Hamas in Combat

[Washington Institute for Near East Policy] Yoram Cohen and Jeffrey White - While Hamas is currently restraining its military activity, more violence can be expected in the future. Combat is the real test of any military force, and Hamas' performance in the Gaza operation in December-January can be used to assess its political and military capabilities. Despite attempts to put a positive image on its performance, Hamas and its military wing, the Izz al-Din al-Qassam Brigades, accomplished little militarily, and their only real success was the continuation of rocket fire into Israel - which declined after three weeks of combat. While Israel did not press its military advantage, had it done so, the Israel Defense Forces undoubtedly could have destroyed Hamas' military capabilities. Prior to the Gaza operation, Hamas had made military preparations a high priority. At the time of the operation, Hamas had a well developed military structure, with as many as 15,000 to 16,000 potential combatants. Its core was the Qassam Brigades with some 2,000 real combat troops. The Brigades had received considerable training and assistance as Hamas personnel from Lebanon, Syria, and Iran came to provide instruction. Advice and guidance provided to Hamas by Hizbullah, Syria, and Iran was also important. Having planned carefully for an Israeli invasion, Hamas expected to mount an impressive defense. In addition, Hamas hoped to achieve an "image of victory" by carrying out acts such as kidnapping IDF soldiers, destroying tanks, or downing airplanes and helicopters. All told, Hamas fired around 600 rockets into southern Israel, including some 400 Kassams produced in Gaza and approximately 200 longer-range Iranian rockets that had been smuggled into the Strip. Hamas had planned to stand and fight, but the Qassam Brigades proved unequal to the task. None of its ground combat measures worked, failing to match the public image Hamas had tried so hard to present of stalwart, proficient Islamic warriors. The war exposed fundamentally flawed expectations about the nature of war against Israel and raised questions about Hamas' combat capabilities. Offensively, Hamas will likely follow in Hizbullah's footsteps by acquiring longer-range rockets with greater accuracy and more powerful warheads. Defensively, Hamas had no answer to IDF air and ground capabilities. For Hamas, being pounded in battle, with little to show for the effort, may instill caution with regard to future military engagement. Yoram Cohen served until recently as deputy director of the Israel Security Agency (Shin Bet). Jeffrey White, a defense fellow at The Washington Institute, is a thirty-four-year veteran of the U.S. Defense Intelligence Agency.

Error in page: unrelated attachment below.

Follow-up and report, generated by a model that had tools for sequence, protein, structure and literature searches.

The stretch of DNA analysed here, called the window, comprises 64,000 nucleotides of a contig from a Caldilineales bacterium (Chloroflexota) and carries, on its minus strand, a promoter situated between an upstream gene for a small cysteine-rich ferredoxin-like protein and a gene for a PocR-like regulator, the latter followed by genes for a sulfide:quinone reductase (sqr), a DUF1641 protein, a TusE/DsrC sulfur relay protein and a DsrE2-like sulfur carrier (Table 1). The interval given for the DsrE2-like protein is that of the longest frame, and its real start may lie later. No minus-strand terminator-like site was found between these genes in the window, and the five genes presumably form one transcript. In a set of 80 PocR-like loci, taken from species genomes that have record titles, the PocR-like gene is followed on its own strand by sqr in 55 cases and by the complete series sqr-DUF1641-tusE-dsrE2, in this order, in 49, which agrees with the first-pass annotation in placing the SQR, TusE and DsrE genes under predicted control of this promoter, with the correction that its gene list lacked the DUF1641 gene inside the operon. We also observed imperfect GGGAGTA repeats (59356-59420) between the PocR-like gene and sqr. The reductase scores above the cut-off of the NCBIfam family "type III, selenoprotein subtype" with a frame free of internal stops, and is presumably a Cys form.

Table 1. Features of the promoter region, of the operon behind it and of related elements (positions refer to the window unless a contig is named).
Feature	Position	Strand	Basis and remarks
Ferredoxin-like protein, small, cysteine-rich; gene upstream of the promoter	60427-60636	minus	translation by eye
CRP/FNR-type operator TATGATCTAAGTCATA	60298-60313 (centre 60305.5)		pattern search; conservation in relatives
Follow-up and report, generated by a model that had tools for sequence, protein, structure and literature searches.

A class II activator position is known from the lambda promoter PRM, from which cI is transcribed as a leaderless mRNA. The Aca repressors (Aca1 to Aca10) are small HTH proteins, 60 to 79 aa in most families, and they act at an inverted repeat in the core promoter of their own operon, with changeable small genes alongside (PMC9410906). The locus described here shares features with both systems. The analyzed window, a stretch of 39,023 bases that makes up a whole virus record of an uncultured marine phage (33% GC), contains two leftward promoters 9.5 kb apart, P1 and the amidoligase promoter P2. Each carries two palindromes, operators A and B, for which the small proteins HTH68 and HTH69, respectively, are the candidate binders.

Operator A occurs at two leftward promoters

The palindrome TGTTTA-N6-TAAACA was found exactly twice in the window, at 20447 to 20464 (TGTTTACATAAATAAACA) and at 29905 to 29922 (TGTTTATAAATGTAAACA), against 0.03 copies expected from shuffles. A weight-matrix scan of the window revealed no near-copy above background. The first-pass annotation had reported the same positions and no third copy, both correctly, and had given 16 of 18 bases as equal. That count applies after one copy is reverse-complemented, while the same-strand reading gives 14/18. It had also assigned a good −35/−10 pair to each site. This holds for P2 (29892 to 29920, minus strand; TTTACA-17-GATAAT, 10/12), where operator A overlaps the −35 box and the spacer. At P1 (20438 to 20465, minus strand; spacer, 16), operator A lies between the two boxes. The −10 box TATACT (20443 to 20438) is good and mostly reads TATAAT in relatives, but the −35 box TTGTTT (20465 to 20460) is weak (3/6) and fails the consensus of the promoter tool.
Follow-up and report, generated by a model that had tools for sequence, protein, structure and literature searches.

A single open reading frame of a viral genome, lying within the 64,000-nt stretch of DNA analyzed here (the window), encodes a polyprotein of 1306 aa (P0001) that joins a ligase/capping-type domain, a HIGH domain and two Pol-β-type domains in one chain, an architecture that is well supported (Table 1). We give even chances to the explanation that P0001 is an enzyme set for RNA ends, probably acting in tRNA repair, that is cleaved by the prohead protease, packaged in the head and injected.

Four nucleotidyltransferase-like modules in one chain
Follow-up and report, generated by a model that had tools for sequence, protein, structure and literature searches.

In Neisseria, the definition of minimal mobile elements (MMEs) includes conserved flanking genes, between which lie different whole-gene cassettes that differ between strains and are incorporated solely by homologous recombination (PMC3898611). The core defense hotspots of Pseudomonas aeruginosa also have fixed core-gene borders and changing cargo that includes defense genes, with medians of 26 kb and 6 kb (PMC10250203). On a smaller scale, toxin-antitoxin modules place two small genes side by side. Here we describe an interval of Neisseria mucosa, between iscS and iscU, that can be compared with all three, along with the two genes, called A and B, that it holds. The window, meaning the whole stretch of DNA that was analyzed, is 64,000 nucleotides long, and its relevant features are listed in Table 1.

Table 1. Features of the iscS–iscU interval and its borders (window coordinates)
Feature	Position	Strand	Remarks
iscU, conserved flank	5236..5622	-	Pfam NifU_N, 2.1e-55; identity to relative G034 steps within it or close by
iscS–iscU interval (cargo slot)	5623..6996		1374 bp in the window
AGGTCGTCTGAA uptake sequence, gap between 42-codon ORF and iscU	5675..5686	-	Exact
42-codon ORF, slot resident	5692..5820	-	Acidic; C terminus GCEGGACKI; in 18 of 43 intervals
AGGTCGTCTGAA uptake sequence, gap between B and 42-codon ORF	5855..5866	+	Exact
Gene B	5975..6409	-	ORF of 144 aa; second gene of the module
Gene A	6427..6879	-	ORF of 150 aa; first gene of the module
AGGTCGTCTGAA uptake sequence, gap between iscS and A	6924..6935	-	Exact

2009-10-09 06:00:00

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